Using Our Strengths: The Grassroots Leadership of Becky Anderson
by Lynda McDanielPhoto Gallery
Becky Anderson has traveled many roads in mountainous western North Carolina. This is her home, now and always. She grew up here, in Canton, the daughter and granddaughter of strong women who taught school. (Her mother later opened the first woman-owned and -operated business in Canton.) She raised her daughter and son here, and she has worked here among the people for nearly four decades.
Anderson has a deep sense of belonging here. She recalls times when residents of communities where she was working left cups of coffee in her car or followed her down off the mountain to make sure she was safe.
"And it's the same now," she adds. "People tell me or my staff to call after a meeting to make sure we got back okay. It's a sense of being a part of these mountains. And I truly love it. I do it day and night and weekends, because I have this great sense of being cared for in the region."
Since 1994, Anderson has served as executive director of HandMade in America, an Asheville-based nonprofit organization with a mission to celebrate traditional and contemporary crafts and protect the resources and communities of this 23-county region. In that time, she and her staff have published two guidebooks to the handcrafts and gardens and farms that thrive in western North Carolina; helped to promote hundreds of artists and farmers; established craft curricula in regional schools; and cooperated on the creative use of methane to fuel craft studios and greenhouses.
HandMade in America's success stems from Anderson's unflinching resolve to involve whole communities in whatever she does, says Wayne Martin, folklife director for the North Carolina Arts Council in Raleigh. "She does grassroots planning as well as anyone I know. It makes a big difference when you speak to people throughout a community, not just the elected decision makers, and find out their ideas and then implement them in creative ways," he says. "Becky was also one of the first to put a living cultural resource at the center of heritage development. Up to that point, much of heritage development had been focused on historic preservation or recreation, such as rivers, mountains, and old houses. Becky broke that wide open and brought attention to the fact that the region's living culture is perhaps one of its most important assets." Living cultural resources are at the heart of HandMade in America's mission to celebrate and support working farmers, artists, and artisans currently flourishing in the region.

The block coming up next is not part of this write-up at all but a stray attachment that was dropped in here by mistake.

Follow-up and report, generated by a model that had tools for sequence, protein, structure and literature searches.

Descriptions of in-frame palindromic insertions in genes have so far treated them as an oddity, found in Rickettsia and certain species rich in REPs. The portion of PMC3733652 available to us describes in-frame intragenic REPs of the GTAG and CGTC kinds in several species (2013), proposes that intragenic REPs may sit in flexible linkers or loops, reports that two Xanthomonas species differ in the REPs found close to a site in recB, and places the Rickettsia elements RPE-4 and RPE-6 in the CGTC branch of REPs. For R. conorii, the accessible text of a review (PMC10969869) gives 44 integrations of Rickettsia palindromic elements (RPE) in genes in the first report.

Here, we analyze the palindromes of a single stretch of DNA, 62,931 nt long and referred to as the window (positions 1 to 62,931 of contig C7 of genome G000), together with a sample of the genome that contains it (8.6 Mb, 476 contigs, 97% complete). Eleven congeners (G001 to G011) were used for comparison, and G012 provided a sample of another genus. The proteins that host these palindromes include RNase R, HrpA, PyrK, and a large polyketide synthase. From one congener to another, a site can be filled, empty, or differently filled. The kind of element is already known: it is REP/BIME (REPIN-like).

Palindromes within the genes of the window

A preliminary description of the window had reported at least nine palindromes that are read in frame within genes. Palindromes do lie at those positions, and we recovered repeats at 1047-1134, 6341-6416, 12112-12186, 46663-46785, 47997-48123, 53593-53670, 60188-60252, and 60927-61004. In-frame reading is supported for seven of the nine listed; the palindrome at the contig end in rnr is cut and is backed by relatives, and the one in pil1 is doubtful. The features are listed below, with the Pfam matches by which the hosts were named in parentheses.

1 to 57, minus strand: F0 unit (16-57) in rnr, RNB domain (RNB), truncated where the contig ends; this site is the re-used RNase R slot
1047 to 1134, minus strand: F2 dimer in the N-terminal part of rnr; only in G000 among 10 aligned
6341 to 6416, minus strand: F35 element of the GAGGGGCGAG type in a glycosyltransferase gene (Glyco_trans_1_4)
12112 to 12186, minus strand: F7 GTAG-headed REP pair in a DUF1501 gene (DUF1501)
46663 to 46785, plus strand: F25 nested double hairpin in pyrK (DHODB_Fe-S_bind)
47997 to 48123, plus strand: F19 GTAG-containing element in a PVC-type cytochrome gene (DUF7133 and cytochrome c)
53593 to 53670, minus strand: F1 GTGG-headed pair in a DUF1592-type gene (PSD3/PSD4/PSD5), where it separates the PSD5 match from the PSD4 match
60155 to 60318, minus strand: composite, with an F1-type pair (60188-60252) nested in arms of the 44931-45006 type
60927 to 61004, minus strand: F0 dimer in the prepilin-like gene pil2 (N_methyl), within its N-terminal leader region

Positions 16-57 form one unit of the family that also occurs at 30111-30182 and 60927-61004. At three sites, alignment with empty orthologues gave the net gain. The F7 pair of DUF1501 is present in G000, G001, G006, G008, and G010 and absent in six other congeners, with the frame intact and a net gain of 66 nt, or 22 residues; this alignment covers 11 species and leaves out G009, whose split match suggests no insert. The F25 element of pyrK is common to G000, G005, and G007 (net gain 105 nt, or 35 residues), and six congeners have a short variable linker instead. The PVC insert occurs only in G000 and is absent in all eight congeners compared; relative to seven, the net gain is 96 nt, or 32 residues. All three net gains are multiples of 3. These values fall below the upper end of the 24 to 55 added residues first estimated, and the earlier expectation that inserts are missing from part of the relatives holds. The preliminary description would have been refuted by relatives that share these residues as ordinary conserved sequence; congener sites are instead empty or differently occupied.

Anderson's leadership role at HandMade in America rests on years of experience in the public-service sector. After graduation from Western Carolina University in Cullowhee, North Carolina, in 1962, Anderson began her career of service by heading one of the first federally funded day care programs in Asheville. Later, she would oversee housing rehabilitation and write grants for the Land-of-Sky Regional Council. While working with the city of Asheville and the Asheville Area Chamber of Commerce in downtown and industrial development, her uncanny ability to realistically assess any situation and see it for what it is—not what it ought to be or how the community would like it to be—helped her envision a new approach for the region. It is the same approach that has helped make HandMade in America a success. Anderson looked at the region realistically and saw its strengths.
"Our land base in this region cannot support large industry, and we needed to see that we are really an economy of small businesses and small manufacturing," she says. "Even though we did put 17 industries in place over a seven-year period, people were furious with me for saying that we needed to start thinking differently about industrial development. But technology is just one of the new economies. I believe America will eventually be made up of a whole basketful of sectoral economies."
HandMade in America plays to these regional strengths. In 1994 a three-year grant from the Pew Partnership for Civic Change helped the organization get off the ground. To date, HandMade has received additional funding from more than 30 organizations, including the Appalachian Regional Commission (ARC). HandMade now employ six full-time and two part-time employees.
"We set out to develop an entrepreneurial economy, using our strengths, which for our community are craft objects and the farm or garden," Anderson says. "That works for us because we have a history of agriculture and crafts, and we have an education base for it. You cannot lay claim to something if you don't have that educational base, and we have the universities, community college system, and private craft schools such as the [John C.] Campbell Folk School and the Penland School of Crafts."
HandMade's first book, The Craft Heritage Trails of Western North Carolina, documents 350 historical sites and inns, galleries, and artists' studios (many never before open to the public) as truly handmade in the North Carolina mountains. To date, the book has sold 40,000 copies, and a third edition is slated for early 2003. HandMade's latest book, Farms, Gardens and Countryside Trails of Western North Carolina, sold 1,200 copies in the first six weeks.